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He Still Harvests With Old Gleaners
Kenneth Slagell spent the majority of his adult life away from his parent’s Oklahoma farm, but his heart was never far from the golden fields of grain and the old combines that his dad used for harvesting. When Slagell retired from his aviation management job in 2007, he returned to his birthplace to carry on the Gleaner tradition at the farmily’s 200-acre homestead.
“Rather than spending $300,000 on a new combine or hiring custom rigs to harvest the grain, I’m content with two L2 Gleaners that I bought for $12,000 in 2010,” Slagell says. Those machines join three other L2’s, two Gleaner C2’s and six Gleaner A’s. Slagell’s wife Janet says it’s equipment that’s nostalgic as well as functional on the Slagell farm. “A person doesn’t have to use many parts off the older machines to pay for it, because new parts are very expensive,” Slagell says.  
Slagell has bought and maintains some of the Gleaners while other machines have been at the family farm for years. An old pull-type Gleaner gathering dust and rust has been on the farm since it was new.
Kenneth’s grandfather Joe and Elmer Slagell bought a Gleaner Baldwin 51R in the 1950’s. In 1966 they acquired a new Gleaner C2, used it for nearly 40 years, then parked it in a shed. Kenneth’s brother Michael recently made it operable after replacing several chains, belts and locating a new radiator to replace the one someone had stolen.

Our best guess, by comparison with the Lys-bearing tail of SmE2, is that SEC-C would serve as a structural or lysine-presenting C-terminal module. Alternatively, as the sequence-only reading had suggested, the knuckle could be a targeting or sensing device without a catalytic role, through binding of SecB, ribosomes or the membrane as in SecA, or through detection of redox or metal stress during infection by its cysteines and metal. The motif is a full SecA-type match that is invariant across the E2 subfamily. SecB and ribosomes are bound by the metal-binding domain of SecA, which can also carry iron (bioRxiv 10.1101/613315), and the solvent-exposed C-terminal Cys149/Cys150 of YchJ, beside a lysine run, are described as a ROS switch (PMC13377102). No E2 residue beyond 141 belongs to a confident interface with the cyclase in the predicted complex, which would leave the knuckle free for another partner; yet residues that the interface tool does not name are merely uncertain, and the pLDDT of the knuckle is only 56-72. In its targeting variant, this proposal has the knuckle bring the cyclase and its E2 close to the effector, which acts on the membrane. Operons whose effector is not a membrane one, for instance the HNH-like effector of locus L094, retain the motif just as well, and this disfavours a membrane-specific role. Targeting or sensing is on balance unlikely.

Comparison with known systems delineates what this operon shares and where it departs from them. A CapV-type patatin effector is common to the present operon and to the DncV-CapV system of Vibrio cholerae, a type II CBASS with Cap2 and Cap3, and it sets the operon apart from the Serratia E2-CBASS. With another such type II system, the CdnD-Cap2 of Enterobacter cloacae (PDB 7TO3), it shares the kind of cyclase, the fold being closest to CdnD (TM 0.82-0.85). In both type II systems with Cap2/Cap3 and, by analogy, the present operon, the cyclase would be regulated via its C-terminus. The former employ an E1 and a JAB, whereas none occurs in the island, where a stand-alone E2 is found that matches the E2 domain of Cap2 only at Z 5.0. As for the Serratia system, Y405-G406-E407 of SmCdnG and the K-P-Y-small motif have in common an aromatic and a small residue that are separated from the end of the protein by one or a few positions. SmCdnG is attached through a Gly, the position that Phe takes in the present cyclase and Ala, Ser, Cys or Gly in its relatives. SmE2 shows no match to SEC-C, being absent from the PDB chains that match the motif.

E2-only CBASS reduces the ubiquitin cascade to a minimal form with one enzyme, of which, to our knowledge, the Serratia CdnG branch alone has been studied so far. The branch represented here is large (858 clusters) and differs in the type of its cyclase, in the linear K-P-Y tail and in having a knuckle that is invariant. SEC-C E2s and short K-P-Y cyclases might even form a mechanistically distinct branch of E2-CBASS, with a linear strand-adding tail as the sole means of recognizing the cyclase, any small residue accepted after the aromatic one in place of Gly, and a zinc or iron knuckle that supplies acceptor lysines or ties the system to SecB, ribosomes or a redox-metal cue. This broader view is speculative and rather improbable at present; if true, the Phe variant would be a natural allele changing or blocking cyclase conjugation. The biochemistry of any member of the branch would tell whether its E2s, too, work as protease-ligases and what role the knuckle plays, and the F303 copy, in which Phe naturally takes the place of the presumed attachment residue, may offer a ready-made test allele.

Kenneth says it’s a real thrill to have the 40-year-old Gleaner L2 machines running on the multi-generational farm, working just fine and not full of computers that have problems he can’t fix. “For several years when I was living and working in Virginia, our family would come back every summer during harvest and my dad had as many as 5 Gleaners in the field at one time,” Slagell says. “The whole family was here for a celebration, which was really special.”
These days Slagell runs the 200 acres by himself, no-tilling wheat and cotton with tireless older equipment. His wife Janet says “Ken grew up enjoying old machinery and keeps those Gleaners running great. He still hauls grain with trucks made in 1957 and 1973 and drives 40-year-old tractors. When he’s not working the fields, he’s driving his big old Caterpillar or track hoe working on the dam.”   
Contact: FARM SHOW Followup, Kenneth Slagell, 92418 N 2455 Rd., Thomas, Okla. 73669.

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2021 - Volume #45, Issue #4